Effects of rTMS on alcohol use

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John Sandlund www.johnsandlund.se

Among the adult population that consumes alcohol at some level around 10 % are having a problematic consumption. Just under half of them are considered having an alcohol addiction. Craving alcohol and an impaired ability to stop drinking despite adverse consequences are key features of alcohol addiction. This project aims to find a noninvasive brain stimulation method that can be used as treatment for addiction.

Neuromodulation to Reduce Cravings

 The objective of this study was to investigate the effects of repetitive transcranial magnetic stimulation (rTMS) targeting the insula on alcohol use and neural responses in alcohol-dependent patients. Craving and an impaired ability to stop alcohol use despite adverse consequences are key features of alcohol addiction. Functional brain imaging studies have shown that insula activity in response to drug cues is positively correlated with cravings. High insula activity during a simple decision-making task is associated with relapse to methamphetamine use. This observation is consistent with the notion that disrupted insula function contributes to impaired decision making, resulting in continued drug use despite negative consequences. Anatomically, reductions in insular volume and cortical thickness have been reported in alcoholics. Modulation of insula activity may therefore represent a novel therapeutic approach in addiction, but non-invasive methods to modulate the activity of this structure have until recently not been available.

The ability of rTMS), a non-invasive tool for neuromodulation, to reduce craving and cue reactivity in addiction has been suggested by small pilot studies in alcohol, cocaine and opiate users. In these studies, rTMS has typically been applied to the dorsolateral prefrontal cortex (DLPFC), a superficial structure.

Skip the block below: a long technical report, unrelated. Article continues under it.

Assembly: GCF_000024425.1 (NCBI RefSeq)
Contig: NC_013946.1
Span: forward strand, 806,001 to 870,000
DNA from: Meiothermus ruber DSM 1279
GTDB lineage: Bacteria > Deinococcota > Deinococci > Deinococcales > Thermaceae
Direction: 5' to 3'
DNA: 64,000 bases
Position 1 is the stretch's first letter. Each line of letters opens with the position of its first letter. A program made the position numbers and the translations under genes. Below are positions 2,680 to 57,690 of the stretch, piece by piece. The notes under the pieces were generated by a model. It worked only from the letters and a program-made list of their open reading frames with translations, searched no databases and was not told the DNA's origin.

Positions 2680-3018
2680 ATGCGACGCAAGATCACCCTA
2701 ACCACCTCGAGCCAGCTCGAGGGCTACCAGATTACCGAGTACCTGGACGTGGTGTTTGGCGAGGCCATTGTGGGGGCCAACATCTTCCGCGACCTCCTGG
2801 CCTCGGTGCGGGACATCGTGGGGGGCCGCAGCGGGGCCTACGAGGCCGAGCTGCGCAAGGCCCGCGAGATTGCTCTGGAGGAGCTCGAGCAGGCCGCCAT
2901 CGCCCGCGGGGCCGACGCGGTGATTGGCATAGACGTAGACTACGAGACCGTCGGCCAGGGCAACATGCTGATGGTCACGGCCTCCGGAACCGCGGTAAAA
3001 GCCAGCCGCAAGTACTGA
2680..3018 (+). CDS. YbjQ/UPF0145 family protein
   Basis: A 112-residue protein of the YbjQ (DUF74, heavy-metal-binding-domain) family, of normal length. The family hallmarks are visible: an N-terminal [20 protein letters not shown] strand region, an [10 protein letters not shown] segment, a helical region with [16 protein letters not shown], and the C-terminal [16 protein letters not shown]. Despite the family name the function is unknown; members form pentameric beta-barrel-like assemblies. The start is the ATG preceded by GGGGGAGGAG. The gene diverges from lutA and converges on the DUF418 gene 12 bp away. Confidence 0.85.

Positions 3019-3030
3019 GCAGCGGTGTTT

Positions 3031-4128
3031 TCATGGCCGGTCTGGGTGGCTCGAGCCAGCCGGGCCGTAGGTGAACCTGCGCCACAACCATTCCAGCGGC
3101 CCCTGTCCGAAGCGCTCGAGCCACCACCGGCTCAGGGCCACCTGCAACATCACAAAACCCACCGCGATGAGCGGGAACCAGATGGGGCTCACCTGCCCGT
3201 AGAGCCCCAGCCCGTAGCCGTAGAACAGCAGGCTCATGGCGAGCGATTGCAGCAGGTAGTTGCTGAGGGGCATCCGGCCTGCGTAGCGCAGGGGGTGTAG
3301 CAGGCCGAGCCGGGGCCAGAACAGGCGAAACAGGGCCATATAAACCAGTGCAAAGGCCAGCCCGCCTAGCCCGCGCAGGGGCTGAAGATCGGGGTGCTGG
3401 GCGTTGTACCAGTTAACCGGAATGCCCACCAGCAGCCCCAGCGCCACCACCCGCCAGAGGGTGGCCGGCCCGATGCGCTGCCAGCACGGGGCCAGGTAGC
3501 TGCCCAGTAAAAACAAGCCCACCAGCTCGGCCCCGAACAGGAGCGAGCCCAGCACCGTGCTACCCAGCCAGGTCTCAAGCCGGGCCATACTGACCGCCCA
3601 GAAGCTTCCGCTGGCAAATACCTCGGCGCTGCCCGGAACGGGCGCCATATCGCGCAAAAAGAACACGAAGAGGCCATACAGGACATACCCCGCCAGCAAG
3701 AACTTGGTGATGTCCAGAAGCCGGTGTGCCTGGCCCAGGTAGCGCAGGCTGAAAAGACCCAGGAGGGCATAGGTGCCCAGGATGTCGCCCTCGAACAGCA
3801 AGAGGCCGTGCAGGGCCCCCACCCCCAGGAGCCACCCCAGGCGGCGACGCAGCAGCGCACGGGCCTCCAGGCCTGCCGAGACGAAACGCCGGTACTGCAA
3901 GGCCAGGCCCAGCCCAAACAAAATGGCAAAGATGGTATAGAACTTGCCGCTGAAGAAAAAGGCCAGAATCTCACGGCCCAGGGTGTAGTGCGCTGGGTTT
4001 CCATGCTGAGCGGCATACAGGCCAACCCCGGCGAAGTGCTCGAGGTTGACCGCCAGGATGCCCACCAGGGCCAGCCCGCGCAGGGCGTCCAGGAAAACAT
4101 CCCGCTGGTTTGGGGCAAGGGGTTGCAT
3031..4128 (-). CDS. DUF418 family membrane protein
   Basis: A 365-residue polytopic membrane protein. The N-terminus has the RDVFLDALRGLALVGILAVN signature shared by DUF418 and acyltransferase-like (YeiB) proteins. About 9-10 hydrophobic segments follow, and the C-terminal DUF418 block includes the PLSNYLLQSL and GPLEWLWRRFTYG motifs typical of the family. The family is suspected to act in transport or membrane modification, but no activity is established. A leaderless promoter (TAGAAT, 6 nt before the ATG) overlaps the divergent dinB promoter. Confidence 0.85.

Study Results

The present study uses a different coil, designed to allow “deep TMS”, to examine whether stimulation of the insula offers a novel alcoholism treatment.
The study population consisted of treatment seeking alcohol dependent subjects who have first completed standard alcohol withdrawal treatment if needed. Participants underwent an MRI scan to collect resting state and structural data, and then received one of two treatments: active (10Hz) rTMS or sham stimulation, both targeting the insula bilaterally. The treatment procedure was double-blinded, meaning that both participants and study personnel were unaware of the randomization of the treatment. Outcome measures included alcohol craving and consumption during treatment and follow-up phases. In addition, brain responses to alcohol related cues and reward were analyzed and compared between stimulation types.

A marked overall decrease in craving and drinking measures was observed during treatment, but did not differ between rTMS or sham stimulation. Both groups equally increased their alcohol use following completion of treatment and through the 12-week follow-up. Analysis using seeds in the insula identified differences in resting-state connectivity between active and sham groups at completion of treatment, potentially indicating an ability of treatment to modify insula function (Figure 1). However, while each task robustly replicated brain responses established in the literature, no effects of rTMS were found. Collectively, this study does not support efficacy of rTMS targeting the insula in alcohol addiction.


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